This Latest Xbox Live DDoS Could Have Been Prevented with the Blockchain
Xbox Live has been DDoSed again, bringing back memories of the dramatic attack waged against Microsoft and Sony’s PlayStation Network in 2014. This time, the hacking group that attacked Live goes by the name “Phantom Squad,” a copycat of the 2014 Lizard Squad.
ARS Technica reported on December 18 that Xbox Live users experienced difficulty logging into their accounts during the night of December 17. By the time ARS Technica published their story, the Xbox Live network was fully functioning. These difficulties occurred after a series of threats made by the Phantom Squad Twitter account, threatening to go after “PSN and Xbox Live. . .Companies that have millions of dollars. . .and don’t bother on working on security.” In another tweet, the group said, “PSN and Xbox don’t use that money to improve their security. . .So until they open their eyes Xbox Live and PSN will remain Vulnerable.”
After Xbox users began reporting difficulties logging into their Live accounts, Phantom Squad took to Twitter again, threatening Sony, “PSN is next. . .RT if you don’t want this to happen.” Although Sony received multiple threats from this group, PSN has not experienced any downtime.
The Xbox Live team at Microsoft responded to this situation quickly, issuing a statement on its support site:
“Hey Xbox members, are you having trouble purchasing or managing your subscriptions for Xbox Live? Are you also having an issue with signing into Xbox Live? We are aware of these issues and are working to get it fixed ASAP! Thank you for being patient while we work. We’ll post another update when more information becomes available.”
At press time, the support site lists all Xbox Live services as functioning normally.
This apparent DDoS attack is a symptom of a much larger problem: a lack of decentralization. Microsoft hosts all of its Xbox Live services on centralized servers, giving hackers a single target to aim for in their attacks. Although PSN has not experienced any difficulties from Phantom Squad thus far, it is still just as vulnerable as Xbox Live, since it also runs on centralized servers.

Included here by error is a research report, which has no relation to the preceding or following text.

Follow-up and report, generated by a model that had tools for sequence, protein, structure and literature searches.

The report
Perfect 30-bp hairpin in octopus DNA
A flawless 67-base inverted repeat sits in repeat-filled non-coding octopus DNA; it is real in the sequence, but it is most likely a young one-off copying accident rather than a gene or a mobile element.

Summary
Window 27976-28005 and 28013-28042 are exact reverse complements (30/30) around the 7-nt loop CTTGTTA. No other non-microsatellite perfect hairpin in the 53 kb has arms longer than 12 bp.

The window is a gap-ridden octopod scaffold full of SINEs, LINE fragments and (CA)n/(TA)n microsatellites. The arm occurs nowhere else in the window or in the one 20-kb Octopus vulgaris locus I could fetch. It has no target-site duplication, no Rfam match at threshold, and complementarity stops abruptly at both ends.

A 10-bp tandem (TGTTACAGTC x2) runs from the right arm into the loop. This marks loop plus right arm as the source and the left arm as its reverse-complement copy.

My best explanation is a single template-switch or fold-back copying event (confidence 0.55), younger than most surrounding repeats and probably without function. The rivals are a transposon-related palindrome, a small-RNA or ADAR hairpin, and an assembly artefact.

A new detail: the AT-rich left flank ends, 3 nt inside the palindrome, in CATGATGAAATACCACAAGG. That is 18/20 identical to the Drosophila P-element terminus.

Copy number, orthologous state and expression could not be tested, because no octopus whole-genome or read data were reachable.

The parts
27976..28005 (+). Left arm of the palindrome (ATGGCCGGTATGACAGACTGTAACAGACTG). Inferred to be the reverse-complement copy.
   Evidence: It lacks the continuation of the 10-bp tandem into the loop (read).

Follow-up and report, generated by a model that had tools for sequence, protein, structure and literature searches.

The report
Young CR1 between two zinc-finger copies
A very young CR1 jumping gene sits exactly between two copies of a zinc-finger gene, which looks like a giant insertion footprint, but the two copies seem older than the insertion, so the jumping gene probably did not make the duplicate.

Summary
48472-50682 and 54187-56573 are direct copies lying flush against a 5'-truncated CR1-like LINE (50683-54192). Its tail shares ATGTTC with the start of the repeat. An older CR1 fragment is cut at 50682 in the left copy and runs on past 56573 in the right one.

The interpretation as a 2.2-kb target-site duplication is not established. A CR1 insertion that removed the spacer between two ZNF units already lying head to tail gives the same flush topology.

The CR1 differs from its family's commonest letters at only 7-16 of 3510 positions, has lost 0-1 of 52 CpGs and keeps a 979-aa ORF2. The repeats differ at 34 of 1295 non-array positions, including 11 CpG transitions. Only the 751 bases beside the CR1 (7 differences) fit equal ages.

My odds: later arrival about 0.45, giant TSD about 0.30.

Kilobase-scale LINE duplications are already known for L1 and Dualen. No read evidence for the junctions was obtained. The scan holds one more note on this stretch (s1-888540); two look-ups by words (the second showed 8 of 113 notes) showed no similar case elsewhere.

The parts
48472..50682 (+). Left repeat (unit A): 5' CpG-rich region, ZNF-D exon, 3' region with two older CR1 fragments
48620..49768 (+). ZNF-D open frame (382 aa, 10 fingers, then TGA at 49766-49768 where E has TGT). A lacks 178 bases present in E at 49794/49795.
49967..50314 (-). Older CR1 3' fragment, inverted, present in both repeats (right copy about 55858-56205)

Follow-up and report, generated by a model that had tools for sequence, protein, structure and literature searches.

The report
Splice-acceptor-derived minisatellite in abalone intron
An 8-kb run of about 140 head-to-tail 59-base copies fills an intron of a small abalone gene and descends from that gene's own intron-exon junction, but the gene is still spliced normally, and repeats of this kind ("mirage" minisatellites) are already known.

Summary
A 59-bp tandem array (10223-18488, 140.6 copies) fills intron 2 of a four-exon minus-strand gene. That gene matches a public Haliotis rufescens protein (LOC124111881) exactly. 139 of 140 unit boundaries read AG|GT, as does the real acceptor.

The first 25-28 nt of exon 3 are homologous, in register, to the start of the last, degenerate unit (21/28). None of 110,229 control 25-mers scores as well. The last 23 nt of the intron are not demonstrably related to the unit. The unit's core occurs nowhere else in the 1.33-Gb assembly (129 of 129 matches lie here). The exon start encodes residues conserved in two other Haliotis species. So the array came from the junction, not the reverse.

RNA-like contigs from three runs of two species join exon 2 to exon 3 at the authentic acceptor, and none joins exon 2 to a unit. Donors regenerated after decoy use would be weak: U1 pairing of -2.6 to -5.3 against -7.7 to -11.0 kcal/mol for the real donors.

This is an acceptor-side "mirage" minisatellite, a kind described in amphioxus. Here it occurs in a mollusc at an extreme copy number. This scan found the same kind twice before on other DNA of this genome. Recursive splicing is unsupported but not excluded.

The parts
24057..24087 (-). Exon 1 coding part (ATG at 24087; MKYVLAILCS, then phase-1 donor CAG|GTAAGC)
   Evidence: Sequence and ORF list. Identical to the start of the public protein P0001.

If companies like Microsoft and Sony are serious about preventing DDoS attacks, they should consider investing in and implementing the blockchain or other decentralized technologies. Perhaps they would be able to devise a system of smart contracts hosted on the Ethereum network that would manage their gaming services in a decentralized manner. Or, if the blockchain didn’t suit their needs, Microsoft and Sony could develop an alternative node-based solution similar to TOR or meshnets. Instead of having all their devices communicate with centralized servers, each game console could act as a node, and the consoles could connect to one another to form a decentralized gaming network.
With this kind of technology, Xbox Live and PSN would be virtually invincible against DDoS attacks. Hackers could take out a handful of players, but the network would remain operational, and any difficulties would be minor annoyances for individuals rather than everyone on the network. Maybe this latest attack will push Microsoft and Sony to explore alternatives to their centralized servers. Only time will tell.
Do you think decentralization could stop DDoS attacks like this? Let us know in the comments below!
Source: ARS Technica
Images courtesy of Microsoft